I recently did a poster for a classroom about concepts of tikanga maori and of course there were the usual suspects, 'Mana', 'Tino Rangatiratanga', 'Kaitiakitanga' and Manaakitanga.  I did the usual designer-y things like beautiful landscapes, overlaying transparent kowhaiwhai with the usual meanings taken from the Maori dictionary...but I thought the meanings were long winded and quite frankly lacking in description so I narrowed each down to a few words.  I sent the posters to my family and got the usual oohs and ahhs but my father said.  'Be careful, someone out there will give you shit about this because no matter what you do, something will be wrong with it, you know what they're like.'
Yes I do know what he was referring to and I know exactly what people are like. 
Luckily, no unhelpful "feedback" ever gets back to me because I have a great big muscly protector between me and the world and everything is very filtered.  This is because I saw a comment on one of my short stories in a 'Pikihuia' anthology, from a Maori academic, who didn't consider it Maori enough.  That was cruel.  Basically saying that I am not Maori enough, and I was creatively crippled by that comment for months.   So my husband makes sure nothing like that ever reaches me. 
As if there is a right and wrong about my view of these words.  And let me tell you there isn't.  Right and wrong when it comes to culture is subjective.
We know that Maori is not a straight forward.  I(t cannot be translated word for word because we don't have nearly as many words as English and, our language is poetic and metaphorical is spoke  in beautifully metered prose that the likes of Shakespeare could only wish for.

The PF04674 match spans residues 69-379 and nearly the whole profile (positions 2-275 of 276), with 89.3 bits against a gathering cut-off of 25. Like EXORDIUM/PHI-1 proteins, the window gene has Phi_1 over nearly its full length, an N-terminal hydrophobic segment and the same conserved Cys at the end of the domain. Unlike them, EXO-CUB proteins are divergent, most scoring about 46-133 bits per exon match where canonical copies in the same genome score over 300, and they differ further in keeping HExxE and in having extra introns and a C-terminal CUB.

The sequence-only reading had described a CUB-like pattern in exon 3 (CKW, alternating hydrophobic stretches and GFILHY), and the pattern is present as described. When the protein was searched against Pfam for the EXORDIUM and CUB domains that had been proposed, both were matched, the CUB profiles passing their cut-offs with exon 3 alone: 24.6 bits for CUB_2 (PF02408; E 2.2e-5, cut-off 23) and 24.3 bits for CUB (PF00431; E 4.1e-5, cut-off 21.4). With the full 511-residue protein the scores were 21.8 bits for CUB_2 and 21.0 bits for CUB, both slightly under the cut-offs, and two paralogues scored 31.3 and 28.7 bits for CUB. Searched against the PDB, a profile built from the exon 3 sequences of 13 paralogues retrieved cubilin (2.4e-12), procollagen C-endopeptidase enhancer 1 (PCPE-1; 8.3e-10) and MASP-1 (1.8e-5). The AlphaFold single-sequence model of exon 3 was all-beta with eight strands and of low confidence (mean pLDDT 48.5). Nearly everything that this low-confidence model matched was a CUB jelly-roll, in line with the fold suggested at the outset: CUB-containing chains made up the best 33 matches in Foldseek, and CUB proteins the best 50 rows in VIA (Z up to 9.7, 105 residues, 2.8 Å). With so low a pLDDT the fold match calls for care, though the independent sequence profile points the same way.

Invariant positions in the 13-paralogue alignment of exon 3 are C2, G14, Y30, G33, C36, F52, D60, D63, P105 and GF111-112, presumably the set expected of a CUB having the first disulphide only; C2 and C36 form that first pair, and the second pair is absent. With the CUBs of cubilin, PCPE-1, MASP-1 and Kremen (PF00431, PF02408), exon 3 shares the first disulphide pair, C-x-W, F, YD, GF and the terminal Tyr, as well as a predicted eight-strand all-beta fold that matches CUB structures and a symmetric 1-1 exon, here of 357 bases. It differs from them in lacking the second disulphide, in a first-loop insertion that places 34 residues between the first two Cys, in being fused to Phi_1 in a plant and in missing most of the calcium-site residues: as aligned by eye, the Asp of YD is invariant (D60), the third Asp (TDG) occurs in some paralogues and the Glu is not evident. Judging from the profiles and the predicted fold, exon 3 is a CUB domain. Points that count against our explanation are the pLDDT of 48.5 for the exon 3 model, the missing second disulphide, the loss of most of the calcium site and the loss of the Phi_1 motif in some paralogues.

So, I talked to my brother Johnny about it, (because I talk to him about everything), and I said "the problem with te Reo Maori is many of the words are infinite in conceptual meaning and the English language is limiting in it's definition.
He agreed.  
That's all I need.
My favourite word is Manaakitanga.  It is a word that my mother took overseas and released in Europe.  It is a word that I grew up with and it runs through my veins and it the foundation of who I am really.  It is a word that can't be defined in English because there are not enough words.
The only way I can describe what it is to me is through my love of my little brother Johnny and his love for me. 
Recently his house was featured in New Zealand house and garden.  It is called Hau Moana, it is in Lyall bay and even though the outside is beautiful the inside is incredible.  And even with all the photos that were taken and put on the pages of the Magazine it doesn't touch the feeling of being in that house

A long, long time ago my brother was doing his first degree in education at Victoria University while also completing his teachers qualification at Wellington Teachers Training College with Miss Keri Kaa at the same time. 
While he was studying he worked cleaning houses and doing peoples gardens while his partner Robbie was a paint/paperhanging/handy man/property manager. 
I worked in Parilament for the Hon Koro Wetere when he was the Minister of Maori Affairs, Lands and Forestry, and then the Hon Winston Peter's. 
I used to help Johnny type up his essays and assignments, in my office, at nigh,t when the house was in session.  We all stayed in the office until the Minister was finished.  I also used to slip him a few bucks on a payday which is what big sisters do and go to all his university stuff, which was a lot, because Keri Kaa made sure the Maori Teacher trainings were represented at everything and I mean EVERYTHING.

So, as we know, Johnny went on to have an amazing career and is currently on many business boards like Wakatu, is on the federation of Maori Authorities and on the board of VSA and Science Boards and Gosh knows what else.  And yes, every once in a while when I am in overdraft AGAIN he helps me out.  When I was studying he bought all my books when I was studying and he still sends me awesome books in the post.
me books which was He also know how crazy hard he has always worked. I remember when we thought a fridge with an icemaker was the height of wealth.